As a Jewish resident of Oak Park, I was disturbed by the negative responses in the Viewpoints letters to the article “Jewish, Muslim Oak Parkers on the Israel-Gaza war: ‘a collective mourning’” [News, Oct. 25] in which I was quoted as a member of Jewish Voice for Peace (JVP).

Those letters called the article offensive, biased, imbalanced, inaccurate, and claim that Jewish Voice for Peace does not represent the mainstream American Jewish community. These responses intend to stifle and censor important voices within our community and indicate the writers’ fear of changes happening within it, particularly among the younger generation — a growing realization that there must be justice and equality for all those who live in the land between the river and the sea, with no group claiming supremacy over another, and that there is no military solution that can bring that to fruition. Only peace and justice can do that.

Calling for a ceasefire — as JVP does, and which both the American and Israeli administrations reject — is a call for peace. Calling for an end to militarism and the use of American tax dollars to continue funding the military-industrial complex and arm other countries is a call for peace. Calling for the end to Israeli military training of U.S. police departments is a call for peace. Calling for an end to illegal settlements and the blockade of Gaza is a call for justice, without which there is no peace. Calling for equal human rights for Palestinians is a call for justice, without which there is no peace.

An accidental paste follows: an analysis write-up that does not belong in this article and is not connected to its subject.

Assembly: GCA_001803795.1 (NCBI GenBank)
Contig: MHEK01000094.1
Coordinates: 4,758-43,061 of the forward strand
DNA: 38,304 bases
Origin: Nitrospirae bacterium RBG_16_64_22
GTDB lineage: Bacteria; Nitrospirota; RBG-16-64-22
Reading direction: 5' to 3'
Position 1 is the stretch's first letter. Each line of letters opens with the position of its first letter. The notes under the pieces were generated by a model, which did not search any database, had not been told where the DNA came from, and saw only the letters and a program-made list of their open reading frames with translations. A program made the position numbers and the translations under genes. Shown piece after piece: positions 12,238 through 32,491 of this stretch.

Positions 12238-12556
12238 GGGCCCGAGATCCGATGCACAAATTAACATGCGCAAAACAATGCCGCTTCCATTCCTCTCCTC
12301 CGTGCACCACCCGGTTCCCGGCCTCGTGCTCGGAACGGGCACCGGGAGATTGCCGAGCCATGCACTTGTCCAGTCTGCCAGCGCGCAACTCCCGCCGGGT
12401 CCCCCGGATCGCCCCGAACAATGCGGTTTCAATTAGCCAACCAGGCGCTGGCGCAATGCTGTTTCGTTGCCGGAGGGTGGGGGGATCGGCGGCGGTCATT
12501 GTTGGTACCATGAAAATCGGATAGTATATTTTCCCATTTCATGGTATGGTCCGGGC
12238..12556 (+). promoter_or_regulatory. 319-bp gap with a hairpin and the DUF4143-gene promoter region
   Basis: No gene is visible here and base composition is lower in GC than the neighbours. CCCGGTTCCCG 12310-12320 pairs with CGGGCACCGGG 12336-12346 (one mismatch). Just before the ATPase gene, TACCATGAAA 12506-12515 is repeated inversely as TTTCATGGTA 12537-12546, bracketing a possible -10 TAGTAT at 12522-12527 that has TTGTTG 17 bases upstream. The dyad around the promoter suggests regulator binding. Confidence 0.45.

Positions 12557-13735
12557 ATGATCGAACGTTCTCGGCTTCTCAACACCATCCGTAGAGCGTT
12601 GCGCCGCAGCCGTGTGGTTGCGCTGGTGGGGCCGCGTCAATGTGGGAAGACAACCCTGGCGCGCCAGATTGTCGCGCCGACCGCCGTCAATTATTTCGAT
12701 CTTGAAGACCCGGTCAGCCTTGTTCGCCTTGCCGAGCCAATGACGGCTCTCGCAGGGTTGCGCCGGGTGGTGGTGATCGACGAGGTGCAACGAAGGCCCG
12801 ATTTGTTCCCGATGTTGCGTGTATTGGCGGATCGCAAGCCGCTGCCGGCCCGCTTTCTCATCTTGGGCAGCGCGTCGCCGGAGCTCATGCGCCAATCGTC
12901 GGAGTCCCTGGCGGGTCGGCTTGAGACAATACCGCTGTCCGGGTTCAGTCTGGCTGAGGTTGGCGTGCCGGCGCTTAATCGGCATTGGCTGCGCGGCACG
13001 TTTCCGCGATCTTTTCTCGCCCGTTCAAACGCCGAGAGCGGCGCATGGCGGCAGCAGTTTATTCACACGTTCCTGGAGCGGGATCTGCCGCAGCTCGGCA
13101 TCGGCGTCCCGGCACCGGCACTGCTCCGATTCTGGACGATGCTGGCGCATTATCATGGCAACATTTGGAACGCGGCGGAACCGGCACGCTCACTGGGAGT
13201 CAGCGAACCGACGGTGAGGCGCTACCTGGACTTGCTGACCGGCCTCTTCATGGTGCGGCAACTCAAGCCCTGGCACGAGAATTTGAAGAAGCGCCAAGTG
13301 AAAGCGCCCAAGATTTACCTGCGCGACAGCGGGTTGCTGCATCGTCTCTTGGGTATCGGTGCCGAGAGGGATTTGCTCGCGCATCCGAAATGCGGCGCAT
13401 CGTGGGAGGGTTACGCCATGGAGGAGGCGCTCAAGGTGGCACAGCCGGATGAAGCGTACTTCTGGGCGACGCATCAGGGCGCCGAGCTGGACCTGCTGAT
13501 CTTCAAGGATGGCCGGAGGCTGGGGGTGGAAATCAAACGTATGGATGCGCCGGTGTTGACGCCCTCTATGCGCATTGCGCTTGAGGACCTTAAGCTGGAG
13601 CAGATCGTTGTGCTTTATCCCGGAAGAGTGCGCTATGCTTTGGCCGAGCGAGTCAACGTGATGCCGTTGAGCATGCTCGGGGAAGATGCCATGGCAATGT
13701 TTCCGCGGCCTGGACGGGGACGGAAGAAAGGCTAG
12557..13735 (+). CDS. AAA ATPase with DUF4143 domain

Even moderate voices recognize the inequality at play. In 2006, former President Jimmy Carter, in Peace: Not Apartheid wrote: “Apartheid is an accurate description of what is going on in the West Bank.” In January 2021, the Israeli human rights organization B’Tselem issued a report that termed Israel an apartheid regime. Human Rights Watch and Amnesty International have both concluded that Israeli treatment of Palestinians meets the definition of apartheid.

U.S. politicians and media have distorted history by incorrectly conflating antisemitism with anti-Zionism. This distortion led politicians in Illinois to pass a law against the Boycott, Divestment and Sanctions Movement. This is a peaceful movement to pressure Israel to change its practices towards Palestinians. Consider the consequences of making peaceful protest illegal.

There is a long history of Jewish anti-Zionism. My parents were both anti-Zionists. The Jewish congregation to which I belong, Tzedek, led by Rabbi Brant Rosen, in 2022 voted to define ourselves as anti-Zionist. There are many rabbis — a diverse group including young, gay, trans, Jews of color, and women — who are anti-Zionist and are speaking out for peace and justice. Anti-Zionism is not antisemitism. We anti-Zionists have a legitimate place within the American Jewish community.

I am hopeful for the future. I have seen many Jewish young people rejecting the narrow thinking of their elders, rejecting militarism as a solution, rejecting apartheid as a system, and rejecting the assumption that Israel speaks for all Jewish people.

Deborah Adelman is a longtime Oak Park resident and professor emerita of English and Film Studies at College of DuPage.

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